Also, additional stuff. I think tpu should add benchmarks only containing the 650 Ti (or whatever the card is) which is given as sample from nvidia or non-OC'd card so People wouldn't get confused about the result. Also, why is the 660 beating the 7870? I don't think it used to be like that.
nvidia did not give out samples of their own gtx 650 ti, so i used the nvidia reference bios on one of our cards. this gives perfectly accurate results for performance. next week i'll buy a gtx 650 ti reference card for future results.
While I stated this in some other threads already, I also do it here now: I think Keplers are not that bad on the sub $200 segment as they might seem to be. I think they do quite well when it comes to casual gaming, except one thing, and that is: "a little high prices", so I'm kinda agree with you, but I also disagree a little.
You are judging the value of the product based solely on the price. If you are an enthusiast, you snap in two 670s into your rig or even two 680s, and you won't give a flying **** about power consumption and price, but if "you" only have $150 for a card, it's suddenly turns into an entirely different story.
With hundreds of built systems behind me, I can tell you that the majority of this segment don't want and won't notice that extra difference what the 7850 offers (let alone the fact that you are comparing launch prices to a price of the product which was released half a year ago, and which will cost a lot more after 2-3 years because of the 10% extra on the electricity bills). There are many of course who want but simply can't afford a better card, and those will go for the 7850 because they still want higher performance. but the majority won't. If the budget only allows $150 for a card they won't spend $170 on it, and Nvidia knows this, and that's all they care about when they design/limit the performance of the product and when they set the price.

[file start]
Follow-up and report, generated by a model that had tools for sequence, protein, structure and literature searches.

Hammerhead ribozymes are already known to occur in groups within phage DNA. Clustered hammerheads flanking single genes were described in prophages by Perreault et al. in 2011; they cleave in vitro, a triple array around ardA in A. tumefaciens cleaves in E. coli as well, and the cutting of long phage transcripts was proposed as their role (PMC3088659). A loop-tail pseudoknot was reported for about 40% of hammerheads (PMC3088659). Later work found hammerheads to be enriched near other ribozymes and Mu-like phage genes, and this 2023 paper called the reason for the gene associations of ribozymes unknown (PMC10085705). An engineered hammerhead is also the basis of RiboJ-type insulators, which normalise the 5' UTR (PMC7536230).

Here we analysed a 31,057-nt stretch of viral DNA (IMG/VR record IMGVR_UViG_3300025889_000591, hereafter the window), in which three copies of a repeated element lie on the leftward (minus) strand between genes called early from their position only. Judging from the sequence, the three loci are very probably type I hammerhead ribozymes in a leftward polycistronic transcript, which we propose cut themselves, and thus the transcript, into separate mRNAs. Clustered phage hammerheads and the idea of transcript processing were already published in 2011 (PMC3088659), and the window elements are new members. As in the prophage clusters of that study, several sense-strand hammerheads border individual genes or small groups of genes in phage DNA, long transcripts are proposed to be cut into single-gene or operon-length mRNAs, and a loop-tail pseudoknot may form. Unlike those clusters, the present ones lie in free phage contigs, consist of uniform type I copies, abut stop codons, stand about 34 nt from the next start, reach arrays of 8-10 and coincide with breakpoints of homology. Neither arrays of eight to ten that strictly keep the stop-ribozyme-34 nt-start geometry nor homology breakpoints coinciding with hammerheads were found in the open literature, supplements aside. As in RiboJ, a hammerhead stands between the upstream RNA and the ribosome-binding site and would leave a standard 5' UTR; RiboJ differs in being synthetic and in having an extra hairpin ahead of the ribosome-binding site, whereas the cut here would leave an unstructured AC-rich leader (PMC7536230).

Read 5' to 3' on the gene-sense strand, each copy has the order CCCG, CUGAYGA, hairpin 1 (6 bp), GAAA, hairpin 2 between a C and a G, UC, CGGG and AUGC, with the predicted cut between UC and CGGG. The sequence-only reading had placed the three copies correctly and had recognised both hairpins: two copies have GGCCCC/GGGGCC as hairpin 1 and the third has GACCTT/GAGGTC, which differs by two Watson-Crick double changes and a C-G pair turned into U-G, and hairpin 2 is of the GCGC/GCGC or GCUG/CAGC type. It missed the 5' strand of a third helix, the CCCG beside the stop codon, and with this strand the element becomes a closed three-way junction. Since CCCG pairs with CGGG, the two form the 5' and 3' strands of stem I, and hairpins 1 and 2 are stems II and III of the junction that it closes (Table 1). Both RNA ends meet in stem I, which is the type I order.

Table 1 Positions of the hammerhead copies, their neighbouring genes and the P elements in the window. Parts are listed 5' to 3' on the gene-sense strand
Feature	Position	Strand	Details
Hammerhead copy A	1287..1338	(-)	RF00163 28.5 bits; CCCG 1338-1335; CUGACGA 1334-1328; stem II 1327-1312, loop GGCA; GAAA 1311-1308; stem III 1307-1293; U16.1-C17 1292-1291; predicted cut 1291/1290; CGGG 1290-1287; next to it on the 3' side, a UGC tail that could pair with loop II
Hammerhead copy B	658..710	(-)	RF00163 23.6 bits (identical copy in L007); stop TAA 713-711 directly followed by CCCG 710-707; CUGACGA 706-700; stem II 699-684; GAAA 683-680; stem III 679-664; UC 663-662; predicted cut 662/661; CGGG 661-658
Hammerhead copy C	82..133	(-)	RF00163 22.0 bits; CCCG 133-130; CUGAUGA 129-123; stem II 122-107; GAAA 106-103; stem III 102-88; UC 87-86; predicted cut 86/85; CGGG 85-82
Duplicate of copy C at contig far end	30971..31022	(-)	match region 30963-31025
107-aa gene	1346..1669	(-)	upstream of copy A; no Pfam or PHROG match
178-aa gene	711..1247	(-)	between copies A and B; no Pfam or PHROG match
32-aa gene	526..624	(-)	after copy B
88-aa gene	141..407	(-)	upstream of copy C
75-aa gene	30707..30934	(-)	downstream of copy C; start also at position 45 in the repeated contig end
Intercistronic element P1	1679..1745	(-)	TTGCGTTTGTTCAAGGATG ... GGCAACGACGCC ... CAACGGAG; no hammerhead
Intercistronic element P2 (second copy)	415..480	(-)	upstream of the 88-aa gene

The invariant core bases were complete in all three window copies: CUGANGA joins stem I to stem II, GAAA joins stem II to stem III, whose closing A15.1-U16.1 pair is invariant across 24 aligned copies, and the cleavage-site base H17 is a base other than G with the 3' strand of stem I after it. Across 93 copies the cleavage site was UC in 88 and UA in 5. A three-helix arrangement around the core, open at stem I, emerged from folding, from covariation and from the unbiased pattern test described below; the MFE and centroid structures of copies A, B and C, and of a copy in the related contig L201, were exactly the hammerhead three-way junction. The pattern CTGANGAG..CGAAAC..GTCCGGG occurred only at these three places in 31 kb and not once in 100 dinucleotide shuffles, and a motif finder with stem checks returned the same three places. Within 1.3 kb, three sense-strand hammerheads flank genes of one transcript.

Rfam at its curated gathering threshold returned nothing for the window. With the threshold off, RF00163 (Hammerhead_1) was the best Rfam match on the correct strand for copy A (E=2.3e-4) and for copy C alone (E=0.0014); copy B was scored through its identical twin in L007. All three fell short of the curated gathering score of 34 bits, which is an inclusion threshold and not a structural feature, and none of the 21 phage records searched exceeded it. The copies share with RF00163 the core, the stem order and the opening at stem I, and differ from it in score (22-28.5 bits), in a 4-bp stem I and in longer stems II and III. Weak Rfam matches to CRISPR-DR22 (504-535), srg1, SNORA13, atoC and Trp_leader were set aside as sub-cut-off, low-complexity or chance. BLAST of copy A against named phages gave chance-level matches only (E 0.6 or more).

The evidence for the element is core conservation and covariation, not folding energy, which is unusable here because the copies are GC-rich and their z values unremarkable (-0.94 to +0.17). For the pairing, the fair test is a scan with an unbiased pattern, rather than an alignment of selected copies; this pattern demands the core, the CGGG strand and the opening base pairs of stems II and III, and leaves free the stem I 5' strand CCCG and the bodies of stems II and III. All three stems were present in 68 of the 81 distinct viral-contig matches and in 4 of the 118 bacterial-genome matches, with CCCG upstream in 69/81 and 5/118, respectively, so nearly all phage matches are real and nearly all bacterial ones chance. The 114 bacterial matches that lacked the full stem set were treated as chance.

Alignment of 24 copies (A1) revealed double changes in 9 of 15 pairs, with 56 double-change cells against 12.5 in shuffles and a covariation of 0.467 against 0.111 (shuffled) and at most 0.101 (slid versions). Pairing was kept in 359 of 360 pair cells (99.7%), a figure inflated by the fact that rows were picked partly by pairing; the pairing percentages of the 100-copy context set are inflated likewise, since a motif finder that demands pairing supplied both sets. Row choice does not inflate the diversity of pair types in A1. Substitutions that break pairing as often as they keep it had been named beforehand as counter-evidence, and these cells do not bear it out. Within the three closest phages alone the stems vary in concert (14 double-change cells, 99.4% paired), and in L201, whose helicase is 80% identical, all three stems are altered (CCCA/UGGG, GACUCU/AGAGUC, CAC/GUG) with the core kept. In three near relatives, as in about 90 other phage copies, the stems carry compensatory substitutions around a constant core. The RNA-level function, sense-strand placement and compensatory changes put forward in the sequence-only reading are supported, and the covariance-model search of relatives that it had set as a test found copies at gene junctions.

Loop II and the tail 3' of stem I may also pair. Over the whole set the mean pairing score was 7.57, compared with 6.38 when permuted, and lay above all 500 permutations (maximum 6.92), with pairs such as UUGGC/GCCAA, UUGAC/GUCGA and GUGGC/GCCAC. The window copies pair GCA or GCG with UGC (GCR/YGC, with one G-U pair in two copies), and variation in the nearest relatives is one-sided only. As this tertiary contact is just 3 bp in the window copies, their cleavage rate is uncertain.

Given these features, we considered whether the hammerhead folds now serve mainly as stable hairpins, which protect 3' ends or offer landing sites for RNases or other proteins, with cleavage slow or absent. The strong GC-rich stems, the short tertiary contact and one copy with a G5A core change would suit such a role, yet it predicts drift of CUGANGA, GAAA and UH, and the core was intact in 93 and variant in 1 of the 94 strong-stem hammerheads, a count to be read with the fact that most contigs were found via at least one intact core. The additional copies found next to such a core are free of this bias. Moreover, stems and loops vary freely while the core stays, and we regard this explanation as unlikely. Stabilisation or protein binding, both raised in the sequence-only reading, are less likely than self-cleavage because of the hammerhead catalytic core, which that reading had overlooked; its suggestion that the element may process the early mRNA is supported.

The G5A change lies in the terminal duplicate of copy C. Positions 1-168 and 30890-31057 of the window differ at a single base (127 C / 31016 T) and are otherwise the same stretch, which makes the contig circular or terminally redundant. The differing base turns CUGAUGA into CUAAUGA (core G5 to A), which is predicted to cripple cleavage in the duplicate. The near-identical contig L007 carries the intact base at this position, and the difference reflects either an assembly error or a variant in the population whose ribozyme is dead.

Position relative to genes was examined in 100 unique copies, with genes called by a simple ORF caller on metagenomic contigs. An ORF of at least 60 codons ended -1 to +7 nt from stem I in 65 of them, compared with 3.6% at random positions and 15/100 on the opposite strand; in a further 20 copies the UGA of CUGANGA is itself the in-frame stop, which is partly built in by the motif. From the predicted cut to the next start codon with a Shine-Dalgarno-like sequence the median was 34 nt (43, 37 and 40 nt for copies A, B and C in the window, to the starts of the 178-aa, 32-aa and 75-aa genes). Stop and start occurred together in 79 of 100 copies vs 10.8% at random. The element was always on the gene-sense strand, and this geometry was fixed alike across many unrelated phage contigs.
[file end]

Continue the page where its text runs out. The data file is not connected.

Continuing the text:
Nowadays casual gamers care more about how much power the card will consume, what content or games are you get with the package, 3D support, physx, etc, so these kind of practical extras, and not about fps. Not a long time ago cards like the 6850 were the all around winners, because nobody cared about these secondary attributes, but the trend is changed a lot in the segment. They want games like Call of Duty, Minecraft or Dota to run perfectly in lower resolutions (eg 768p or 1050p), while they also want it quiet and green, and they surely won't care about and/or use >=4xAA (which is one of the main weakness of these 128-192bit cards btw.)
The market of discrete graphics is shrinking rapidly, and I think Nvidia is going in the right direction now, because they give beasts for the enthusiasts and great content and value for the lower segments. All they need to do now is to lower the prices just a little bit to counter AMD's aggressive price policy.
Well let's be honest here, they are in trouble indeed, but not because the chip is bad, but because lowering prices is really hard when you are selling less..... but that's not our problem, because the greater the price war there is, the better is gonna be for us